Crowdfunded poker is starting to become more popular after the conclusion of the 2016 World Series of Poker (WSOP) festival. The concept of crowdfunding is very simple as it involves financial backers chipping in either a part or the full buy-in amount of a poker player and should they go on to cash-out in that tournament, these financial backers get to share an agreed percentage of the winnings.
Crowdfunding has been around for quite a while and websites such as Stakekings and Youstake have made it easy for poker players and financial backers to connect. A number of poker players were active on these crowdfunding websites before the start of the 2016 as the buy-ins for the month and a half long tournament were extremely high. There are different types of poker players who sign up on these websites and there is a certain amount of risk involved for both financial backers and players.
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Some poker players go down the crowdfunding route because they have no money to enter tournaments. Other poker players have done well on the circuit, have the money but prefer not to invest all their money and absorb 100% of the risk and hence rely on financial backers. Poker Player Brian Rast was one of these players who succeeded in finding financial backers who staked him for the $50,000 buy-in fee for the Poker Players Championship (6-handed).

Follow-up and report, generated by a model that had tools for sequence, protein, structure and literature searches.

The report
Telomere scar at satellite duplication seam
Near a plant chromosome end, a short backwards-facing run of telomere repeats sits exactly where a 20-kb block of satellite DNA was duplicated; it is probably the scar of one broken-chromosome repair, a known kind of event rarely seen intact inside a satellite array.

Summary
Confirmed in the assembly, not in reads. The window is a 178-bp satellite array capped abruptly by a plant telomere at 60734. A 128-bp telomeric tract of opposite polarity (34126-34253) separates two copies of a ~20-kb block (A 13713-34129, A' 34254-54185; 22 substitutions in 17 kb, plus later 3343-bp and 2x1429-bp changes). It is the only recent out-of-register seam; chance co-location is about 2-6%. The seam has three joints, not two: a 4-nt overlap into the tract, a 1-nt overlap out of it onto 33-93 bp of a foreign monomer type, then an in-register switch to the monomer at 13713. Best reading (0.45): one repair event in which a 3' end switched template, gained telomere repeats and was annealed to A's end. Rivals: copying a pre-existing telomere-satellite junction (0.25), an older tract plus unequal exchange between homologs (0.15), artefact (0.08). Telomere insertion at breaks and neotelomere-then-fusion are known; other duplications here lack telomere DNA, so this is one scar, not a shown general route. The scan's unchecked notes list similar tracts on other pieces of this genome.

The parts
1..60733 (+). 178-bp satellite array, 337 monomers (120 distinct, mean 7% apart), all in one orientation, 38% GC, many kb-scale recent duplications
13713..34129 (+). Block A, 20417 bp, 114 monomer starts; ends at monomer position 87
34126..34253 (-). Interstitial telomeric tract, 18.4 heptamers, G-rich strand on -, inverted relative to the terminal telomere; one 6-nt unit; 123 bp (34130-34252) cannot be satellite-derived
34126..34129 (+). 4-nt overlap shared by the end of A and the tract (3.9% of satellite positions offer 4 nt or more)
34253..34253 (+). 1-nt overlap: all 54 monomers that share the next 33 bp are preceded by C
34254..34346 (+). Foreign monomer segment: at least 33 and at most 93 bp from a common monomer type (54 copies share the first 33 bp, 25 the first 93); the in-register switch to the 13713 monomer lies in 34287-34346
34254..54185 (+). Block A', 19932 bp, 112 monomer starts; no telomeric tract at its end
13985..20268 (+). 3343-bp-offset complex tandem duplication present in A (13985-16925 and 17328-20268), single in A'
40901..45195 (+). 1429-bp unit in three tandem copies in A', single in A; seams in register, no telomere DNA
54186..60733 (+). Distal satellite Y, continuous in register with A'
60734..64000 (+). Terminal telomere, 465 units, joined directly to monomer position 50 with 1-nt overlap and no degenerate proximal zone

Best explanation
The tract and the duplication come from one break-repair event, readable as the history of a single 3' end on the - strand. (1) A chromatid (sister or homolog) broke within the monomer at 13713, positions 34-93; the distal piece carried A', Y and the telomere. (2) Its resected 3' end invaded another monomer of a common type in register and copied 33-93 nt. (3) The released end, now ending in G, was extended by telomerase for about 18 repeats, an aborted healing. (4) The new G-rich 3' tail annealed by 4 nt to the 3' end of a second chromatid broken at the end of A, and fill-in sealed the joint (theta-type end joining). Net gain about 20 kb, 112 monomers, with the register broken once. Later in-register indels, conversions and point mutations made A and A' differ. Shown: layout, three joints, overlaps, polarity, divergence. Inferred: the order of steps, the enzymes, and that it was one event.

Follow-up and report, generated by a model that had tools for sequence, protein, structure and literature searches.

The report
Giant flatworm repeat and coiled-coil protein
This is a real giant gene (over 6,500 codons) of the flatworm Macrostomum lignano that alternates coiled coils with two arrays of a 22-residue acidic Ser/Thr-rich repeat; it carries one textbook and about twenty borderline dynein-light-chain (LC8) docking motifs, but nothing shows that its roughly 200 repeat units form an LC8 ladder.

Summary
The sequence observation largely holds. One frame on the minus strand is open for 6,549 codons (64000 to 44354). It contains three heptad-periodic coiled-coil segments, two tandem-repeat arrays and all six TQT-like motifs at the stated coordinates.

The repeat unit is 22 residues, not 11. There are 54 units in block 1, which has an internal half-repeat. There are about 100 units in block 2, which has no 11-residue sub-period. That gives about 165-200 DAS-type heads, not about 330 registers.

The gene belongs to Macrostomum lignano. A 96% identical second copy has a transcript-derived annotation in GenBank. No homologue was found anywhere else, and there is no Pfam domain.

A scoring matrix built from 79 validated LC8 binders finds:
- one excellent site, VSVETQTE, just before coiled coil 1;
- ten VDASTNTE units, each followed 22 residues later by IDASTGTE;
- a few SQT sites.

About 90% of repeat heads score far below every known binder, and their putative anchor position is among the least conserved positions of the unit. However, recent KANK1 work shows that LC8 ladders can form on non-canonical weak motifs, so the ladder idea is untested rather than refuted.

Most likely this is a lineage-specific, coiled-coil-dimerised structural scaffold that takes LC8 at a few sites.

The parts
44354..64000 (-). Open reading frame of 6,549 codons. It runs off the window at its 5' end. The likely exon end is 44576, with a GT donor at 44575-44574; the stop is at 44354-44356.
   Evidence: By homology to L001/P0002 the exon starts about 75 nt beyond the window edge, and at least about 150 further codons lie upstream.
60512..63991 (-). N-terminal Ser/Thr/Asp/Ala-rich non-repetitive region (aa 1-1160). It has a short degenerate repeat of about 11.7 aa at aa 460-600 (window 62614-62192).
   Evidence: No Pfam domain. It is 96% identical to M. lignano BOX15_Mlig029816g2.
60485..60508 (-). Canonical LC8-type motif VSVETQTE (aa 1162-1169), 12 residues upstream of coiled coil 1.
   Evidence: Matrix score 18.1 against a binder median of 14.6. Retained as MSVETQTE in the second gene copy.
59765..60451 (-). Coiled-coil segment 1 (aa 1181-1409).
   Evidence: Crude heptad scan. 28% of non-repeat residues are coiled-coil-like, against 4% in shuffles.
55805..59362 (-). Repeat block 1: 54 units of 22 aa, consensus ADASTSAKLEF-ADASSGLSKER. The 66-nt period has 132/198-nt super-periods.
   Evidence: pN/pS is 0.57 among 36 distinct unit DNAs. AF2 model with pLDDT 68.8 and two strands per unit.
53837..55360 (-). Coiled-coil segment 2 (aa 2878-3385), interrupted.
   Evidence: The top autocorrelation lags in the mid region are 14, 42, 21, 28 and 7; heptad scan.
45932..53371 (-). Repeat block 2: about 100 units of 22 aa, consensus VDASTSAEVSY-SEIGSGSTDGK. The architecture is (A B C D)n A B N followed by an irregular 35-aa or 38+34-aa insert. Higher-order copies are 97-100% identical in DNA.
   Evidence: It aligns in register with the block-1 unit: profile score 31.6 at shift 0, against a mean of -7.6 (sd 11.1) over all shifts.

Rast eventually went on to defeat 90 poker players and win the event and in doing so won over $1.2 million which he had to share with all of his financial backers since they staked him. One of Rast’s financial backers was software developer and ex-semi poker pro Nate Meyvis who lives in Boston. Meyvis used StakeKings to give $60 to Rast and in return he received $1,200. Some of these financial backers and poker players develop long term relationships that turn out to be profitable.
Poker pro Andrew Barber has had a financial backer who has put down close to $35,000 during the last three years. The return on investment came suddenly in 2015 when Barber won a tournament that awarded him $1.5 million. Barber was happy to pay his long time backer $100,000 for sticking with him during tough times.
In a statement, Frank DeGeorge, CEO of YouStake said “Many backers really don’t care about a return on investment. They really are looking more for interaction, and the ability to sweat”. This also opens the door for crowdfunding to be misused as one poker player decided to blow his crowdfunded buy-in for the $111,111 One Drop High Roller event at the 2016 WSOP.